HR’s approach to employee management has evolved over time: What was once “employee satisfaction” or “employee engagement” is now “employee experience.” This newest iteration is the most holistic approach yet, focused on offering employees everything from career development and fruitful work relationships to social impact opportunities.
But in addition to investing in entirely new programs to bolster the employee experience, organizations should also rethink existing processes. One of the most important for improving the employee experience is fruitful employee-manager relationships (ones where managers behave like coaches or mentors above all else). However, these roles have yet to be optimized to meet the needs of modern employees.
In fact, the ineffectiveness of typical management roles is becoming clear for business leaders and employees alike. A study from Boston Consulting Group found that more organizations are looking to get rid of managerial roles altogether — because teams are more productive, innovative and agile when self-directed. But the solution shouldn’t be to just get rid of them altogether: There’s too much value to be gained from managers in helping employees set goals, remove roadblocks and provide mentorship. To better meet employees’ new needs, managers need to become coaches in an employee’s career journey and development rather than simply the arbiters of that journey.
Meeting employee development needs
Employees’ learning and development have long been within the purview of managers, but research suggests today’s managers are struggling to keep up with the scope of their employees’ needs. Employees today are worried that their skill sets will fall behind technological advances and are looking to their managers to help them keep up. But in one survey, “more than 1 in 5 (22%) workers said their managers do not encourage or enable learning at all, and just 17% said their managers help create a plan or set goals for developing skills.”
Managers need to be more involved in learning, but it’s important that this involvement be collaborative. Employees today crave more control over their careers, but they are more likely to learn skills that align with their personal interests, experiences and goals. So rather than telling employees what to learn, managers should focus on having discussions around employee goals and aspirations — and then empowering employees to pursue learning opportunities from there.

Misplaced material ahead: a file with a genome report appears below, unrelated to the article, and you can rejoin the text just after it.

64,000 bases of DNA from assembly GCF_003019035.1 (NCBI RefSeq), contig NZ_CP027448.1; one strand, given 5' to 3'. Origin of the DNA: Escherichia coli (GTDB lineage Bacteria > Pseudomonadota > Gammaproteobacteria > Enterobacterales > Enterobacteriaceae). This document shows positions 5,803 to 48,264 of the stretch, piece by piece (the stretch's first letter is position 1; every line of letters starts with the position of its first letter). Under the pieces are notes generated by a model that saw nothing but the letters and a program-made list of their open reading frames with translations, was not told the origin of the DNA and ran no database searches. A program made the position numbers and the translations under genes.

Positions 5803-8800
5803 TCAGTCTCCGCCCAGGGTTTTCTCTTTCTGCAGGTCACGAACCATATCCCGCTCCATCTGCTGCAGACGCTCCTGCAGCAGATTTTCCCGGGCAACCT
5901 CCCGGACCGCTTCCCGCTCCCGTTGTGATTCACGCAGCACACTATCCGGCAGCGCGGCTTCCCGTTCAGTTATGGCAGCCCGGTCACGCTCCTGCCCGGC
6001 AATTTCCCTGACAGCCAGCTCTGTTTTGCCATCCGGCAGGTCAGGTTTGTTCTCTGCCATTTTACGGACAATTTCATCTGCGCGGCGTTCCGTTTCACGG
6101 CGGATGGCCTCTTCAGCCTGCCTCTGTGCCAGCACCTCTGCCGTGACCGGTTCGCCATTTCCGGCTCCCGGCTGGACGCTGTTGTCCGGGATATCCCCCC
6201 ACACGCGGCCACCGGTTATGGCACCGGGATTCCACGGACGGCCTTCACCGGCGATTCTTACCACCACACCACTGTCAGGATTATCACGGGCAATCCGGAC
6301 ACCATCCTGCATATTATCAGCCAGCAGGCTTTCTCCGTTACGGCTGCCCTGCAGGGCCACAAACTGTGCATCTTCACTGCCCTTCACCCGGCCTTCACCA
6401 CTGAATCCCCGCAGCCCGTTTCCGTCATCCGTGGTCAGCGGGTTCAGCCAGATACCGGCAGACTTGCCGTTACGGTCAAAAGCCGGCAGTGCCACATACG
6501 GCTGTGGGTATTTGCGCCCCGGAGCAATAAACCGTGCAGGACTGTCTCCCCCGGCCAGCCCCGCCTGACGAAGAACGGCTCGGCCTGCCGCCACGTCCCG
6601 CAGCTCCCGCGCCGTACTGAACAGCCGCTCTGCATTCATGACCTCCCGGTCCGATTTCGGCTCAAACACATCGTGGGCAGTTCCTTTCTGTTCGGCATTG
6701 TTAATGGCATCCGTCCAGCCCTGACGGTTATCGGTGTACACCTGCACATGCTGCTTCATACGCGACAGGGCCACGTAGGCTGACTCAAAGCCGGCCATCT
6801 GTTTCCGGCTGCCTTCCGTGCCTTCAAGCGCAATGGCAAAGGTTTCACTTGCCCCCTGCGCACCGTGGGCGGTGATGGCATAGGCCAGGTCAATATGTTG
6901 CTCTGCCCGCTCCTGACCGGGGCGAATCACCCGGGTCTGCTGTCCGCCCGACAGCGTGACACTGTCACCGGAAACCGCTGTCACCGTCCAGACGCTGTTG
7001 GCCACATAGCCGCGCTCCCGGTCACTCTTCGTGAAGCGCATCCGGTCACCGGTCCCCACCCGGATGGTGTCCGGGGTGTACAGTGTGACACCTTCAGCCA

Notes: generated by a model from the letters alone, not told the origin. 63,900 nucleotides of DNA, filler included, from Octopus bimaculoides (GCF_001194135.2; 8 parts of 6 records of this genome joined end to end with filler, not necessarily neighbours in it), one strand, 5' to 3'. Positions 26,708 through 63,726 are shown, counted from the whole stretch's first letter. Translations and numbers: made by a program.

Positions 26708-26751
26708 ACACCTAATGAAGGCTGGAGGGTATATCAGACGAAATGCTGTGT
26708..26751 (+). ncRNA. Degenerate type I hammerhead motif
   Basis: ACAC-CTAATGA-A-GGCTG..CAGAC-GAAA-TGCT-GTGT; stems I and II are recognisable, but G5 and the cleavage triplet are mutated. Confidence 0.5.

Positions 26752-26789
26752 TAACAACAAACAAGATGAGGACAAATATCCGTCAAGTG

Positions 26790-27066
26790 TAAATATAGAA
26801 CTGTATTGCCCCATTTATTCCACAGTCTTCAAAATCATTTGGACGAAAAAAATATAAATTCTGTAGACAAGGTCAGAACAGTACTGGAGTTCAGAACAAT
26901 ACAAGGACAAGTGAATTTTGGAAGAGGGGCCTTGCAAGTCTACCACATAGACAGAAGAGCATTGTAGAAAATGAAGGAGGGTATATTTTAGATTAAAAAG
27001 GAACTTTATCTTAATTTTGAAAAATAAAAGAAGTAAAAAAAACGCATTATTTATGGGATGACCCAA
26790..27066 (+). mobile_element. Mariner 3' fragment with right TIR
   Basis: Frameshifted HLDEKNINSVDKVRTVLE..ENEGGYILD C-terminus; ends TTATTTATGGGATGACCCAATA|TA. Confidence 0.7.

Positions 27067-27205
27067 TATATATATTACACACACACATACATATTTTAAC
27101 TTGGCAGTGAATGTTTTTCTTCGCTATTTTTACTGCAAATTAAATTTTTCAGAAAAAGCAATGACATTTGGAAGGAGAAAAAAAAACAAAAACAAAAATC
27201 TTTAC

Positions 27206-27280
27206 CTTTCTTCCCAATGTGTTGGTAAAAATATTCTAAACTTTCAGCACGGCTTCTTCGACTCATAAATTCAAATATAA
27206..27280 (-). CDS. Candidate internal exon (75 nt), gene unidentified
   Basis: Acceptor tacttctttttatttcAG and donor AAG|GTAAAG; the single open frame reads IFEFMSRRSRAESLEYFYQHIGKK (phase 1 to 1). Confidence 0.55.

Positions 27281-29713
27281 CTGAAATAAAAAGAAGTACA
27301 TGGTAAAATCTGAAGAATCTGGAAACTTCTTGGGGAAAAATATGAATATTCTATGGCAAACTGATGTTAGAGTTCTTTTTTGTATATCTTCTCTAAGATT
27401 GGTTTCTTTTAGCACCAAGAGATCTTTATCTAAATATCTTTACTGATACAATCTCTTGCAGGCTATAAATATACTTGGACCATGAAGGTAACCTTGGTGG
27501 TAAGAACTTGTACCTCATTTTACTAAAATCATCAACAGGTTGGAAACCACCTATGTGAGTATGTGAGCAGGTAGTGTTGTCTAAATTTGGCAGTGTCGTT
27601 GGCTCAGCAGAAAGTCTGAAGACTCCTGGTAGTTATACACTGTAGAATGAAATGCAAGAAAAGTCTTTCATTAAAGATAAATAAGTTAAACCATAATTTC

How bidirectional feedback can help
To facilitate these collaborative conversations between employees and managers, I recommend managers lean into bidirectional feedback loops. That means not only is the manager regularly giving feedback to the employee about their development, but the employee is also giving feedback about how their manager is supporting and empowering them in their career journey.
This can take some getting used to but, as managers, it’s our job to get employees comfortable with it. Start by simply finding regular opportunities to prompt direct reports for their feedback. For example, after an important team meeting or client presentation, ask, “How was that? Do you think I could have done something differently?” Performing vulnerability can help here as well and will signal to your employees that they can behave candidly with you.
I also encourage managers to put the onus on employees to schedule and set the agenda for regular check-ins. This ensures these meetings are always focused on the discussion points important to the employee to give them more ownership over their career and development. When employees share which skills they want to learn, as well as their long- and short-term career aspirations, managers can help them to create a personalized development plan that’s aligned with their interests and goals — and coach them along the way.
The new and improved employee-manager relationship
There’s so much value in the mentorship and coaching that a manager can provide. Many employees crave this kind of connection — it can even be the reason they stay or leave a job. So the solution might not be getting rid of managers altogether. Instead, companies should focus on making sure they act as coaches for their employees’ learning and development. This will create more fruitful relationships, where both parties work together to reach their full potential.
This article was originally published on Forbes.com under Jeff Miller’s Forbes Human Resources Council column.
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